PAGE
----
At least six women and their families are suing a doctor who used his own sperm in their fertility treatment for negligence and fraud.
Dr Paul Jones, who is now 80 years old, does not deny that he used his own sperm in their treatment. Rather, he maintains that the claimants have no grounds for complaint, having requested and received an anonymous donation.
In court papers responding to the lawsuits, Dr Jones' lawyers said 'all mothers asked for anonymous donation, and all mothers received anonymous donation.'
Dr Jones' lawyers also maintain that there was no negligence, given that there were 'no facts regarding how Jones failed to use a professional degree of care, skill, caution, diligence and foresight.' They added 'They [the claimants] admit that they chose ignorance of the facts they now allege were concealed.'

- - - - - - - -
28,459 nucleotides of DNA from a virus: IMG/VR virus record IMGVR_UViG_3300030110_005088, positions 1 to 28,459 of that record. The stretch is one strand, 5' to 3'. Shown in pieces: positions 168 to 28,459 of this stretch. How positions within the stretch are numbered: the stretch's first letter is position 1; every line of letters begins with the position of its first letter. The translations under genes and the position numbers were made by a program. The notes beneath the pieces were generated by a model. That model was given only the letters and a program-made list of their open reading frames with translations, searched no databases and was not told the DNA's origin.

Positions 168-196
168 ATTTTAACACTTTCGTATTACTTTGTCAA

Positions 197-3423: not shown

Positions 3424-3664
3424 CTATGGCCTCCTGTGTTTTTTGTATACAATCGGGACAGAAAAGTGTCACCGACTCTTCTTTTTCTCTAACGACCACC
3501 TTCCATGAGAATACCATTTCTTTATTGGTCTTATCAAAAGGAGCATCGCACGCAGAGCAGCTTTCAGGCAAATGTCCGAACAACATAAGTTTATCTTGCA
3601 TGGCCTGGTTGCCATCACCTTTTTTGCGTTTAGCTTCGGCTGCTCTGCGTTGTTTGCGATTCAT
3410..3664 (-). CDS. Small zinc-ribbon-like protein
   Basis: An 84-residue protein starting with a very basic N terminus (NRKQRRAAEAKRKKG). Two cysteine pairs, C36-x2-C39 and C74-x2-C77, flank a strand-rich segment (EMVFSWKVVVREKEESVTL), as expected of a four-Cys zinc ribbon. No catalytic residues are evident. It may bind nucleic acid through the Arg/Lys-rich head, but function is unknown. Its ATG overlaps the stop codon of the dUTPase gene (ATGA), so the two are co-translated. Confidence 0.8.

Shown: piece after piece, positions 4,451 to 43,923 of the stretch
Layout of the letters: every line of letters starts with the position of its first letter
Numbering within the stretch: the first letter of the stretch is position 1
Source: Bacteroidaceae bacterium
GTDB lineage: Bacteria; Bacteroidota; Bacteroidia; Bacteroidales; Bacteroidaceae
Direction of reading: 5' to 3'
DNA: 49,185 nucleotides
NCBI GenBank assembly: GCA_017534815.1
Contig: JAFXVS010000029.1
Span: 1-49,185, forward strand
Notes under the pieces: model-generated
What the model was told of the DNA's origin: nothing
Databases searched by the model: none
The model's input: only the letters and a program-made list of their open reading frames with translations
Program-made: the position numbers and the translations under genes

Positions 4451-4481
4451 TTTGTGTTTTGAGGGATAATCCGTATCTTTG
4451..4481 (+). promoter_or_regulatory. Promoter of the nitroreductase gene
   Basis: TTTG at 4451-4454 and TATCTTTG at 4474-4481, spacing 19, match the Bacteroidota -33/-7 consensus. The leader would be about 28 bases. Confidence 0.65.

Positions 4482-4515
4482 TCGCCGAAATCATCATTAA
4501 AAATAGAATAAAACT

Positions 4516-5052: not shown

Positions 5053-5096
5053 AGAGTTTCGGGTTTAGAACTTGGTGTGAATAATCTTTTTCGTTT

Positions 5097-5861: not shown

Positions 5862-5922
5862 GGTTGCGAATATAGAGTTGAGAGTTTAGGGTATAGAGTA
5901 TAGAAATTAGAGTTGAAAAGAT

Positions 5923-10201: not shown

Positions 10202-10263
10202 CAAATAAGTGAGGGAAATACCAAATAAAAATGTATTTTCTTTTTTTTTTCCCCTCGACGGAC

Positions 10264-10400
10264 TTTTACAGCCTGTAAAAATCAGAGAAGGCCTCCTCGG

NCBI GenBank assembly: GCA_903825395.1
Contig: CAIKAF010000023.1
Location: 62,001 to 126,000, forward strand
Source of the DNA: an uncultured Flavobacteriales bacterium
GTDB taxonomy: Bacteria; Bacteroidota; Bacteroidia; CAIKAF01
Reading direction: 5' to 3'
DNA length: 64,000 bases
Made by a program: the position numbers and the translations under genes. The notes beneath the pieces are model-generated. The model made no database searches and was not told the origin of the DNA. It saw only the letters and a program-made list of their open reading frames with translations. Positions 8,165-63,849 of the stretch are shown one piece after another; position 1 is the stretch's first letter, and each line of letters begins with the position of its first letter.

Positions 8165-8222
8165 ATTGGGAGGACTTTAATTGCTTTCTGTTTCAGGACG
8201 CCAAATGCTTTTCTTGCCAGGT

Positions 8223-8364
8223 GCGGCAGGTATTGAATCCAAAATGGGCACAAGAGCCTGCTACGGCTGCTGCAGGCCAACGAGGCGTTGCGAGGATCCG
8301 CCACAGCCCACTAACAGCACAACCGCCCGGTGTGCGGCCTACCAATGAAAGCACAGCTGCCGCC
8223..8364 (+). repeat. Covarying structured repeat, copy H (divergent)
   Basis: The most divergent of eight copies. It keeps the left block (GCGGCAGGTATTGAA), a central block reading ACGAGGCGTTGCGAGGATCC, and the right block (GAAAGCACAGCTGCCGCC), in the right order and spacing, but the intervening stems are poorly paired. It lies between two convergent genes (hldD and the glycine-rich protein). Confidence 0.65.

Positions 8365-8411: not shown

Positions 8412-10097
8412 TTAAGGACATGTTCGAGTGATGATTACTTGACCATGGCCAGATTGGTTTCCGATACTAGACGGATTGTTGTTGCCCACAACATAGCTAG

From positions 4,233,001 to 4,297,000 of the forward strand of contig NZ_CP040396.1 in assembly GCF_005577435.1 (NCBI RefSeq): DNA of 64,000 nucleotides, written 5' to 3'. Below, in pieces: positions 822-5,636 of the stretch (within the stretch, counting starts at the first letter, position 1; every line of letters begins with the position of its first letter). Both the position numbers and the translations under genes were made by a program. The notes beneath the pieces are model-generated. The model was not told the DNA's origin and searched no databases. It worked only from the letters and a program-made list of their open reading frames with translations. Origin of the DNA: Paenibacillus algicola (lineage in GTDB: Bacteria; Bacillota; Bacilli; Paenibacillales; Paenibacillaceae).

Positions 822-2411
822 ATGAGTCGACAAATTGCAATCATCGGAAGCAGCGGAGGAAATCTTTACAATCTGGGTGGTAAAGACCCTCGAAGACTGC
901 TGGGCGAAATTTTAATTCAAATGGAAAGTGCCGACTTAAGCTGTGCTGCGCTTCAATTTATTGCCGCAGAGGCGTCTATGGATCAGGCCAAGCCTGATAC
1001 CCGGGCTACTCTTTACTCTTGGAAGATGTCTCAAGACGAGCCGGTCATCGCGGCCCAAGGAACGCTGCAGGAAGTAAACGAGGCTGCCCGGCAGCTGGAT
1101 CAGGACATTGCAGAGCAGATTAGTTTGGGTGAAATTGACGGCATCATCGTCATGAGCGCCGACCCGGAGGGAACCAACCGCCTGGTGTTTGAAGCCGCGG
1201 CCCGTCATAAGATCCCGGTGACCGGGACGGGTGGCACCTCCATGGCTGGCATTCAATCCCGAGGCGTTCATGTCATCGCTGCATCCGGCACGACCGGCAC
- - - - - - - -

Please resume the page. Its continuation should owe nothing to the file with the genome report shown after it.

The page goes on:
The lawyer representing the families, Patrick Fitz-Gerald, argued that anonymity should work both ways and that the donation cannot have been anonymous given that the donor knew the identity of the recipients.
He told the Daily Sentinel 'Jones knew these were his children and, in some cases, even treated them.'
The issue of timing has also been raised, with Dr Jones' lawyers claiming that the statute of limitations imposes a two-year limit in relation to this type of claim.
According to the Daily Mail, his lawyers said that in order to preserve their claim 'Mothers could have pursued the identity of their children's natural father, had they wanted the information' up to two years after the birth.
The women, who were treated between 1975 and 1989, made the discovery recently through DNA testing. Because of this, Fitz-Gerald argues the statute of limitations should run from the time Dr Jones' actions were exposed.
The families are also suing the clinic where the treatment took place: Women's Health Care of Western Colorado. The clinic has responded that since the identity of Dr Jones remained unknown for over 20 years, he is technically 'anonymous', according to the dictionary definition of the word.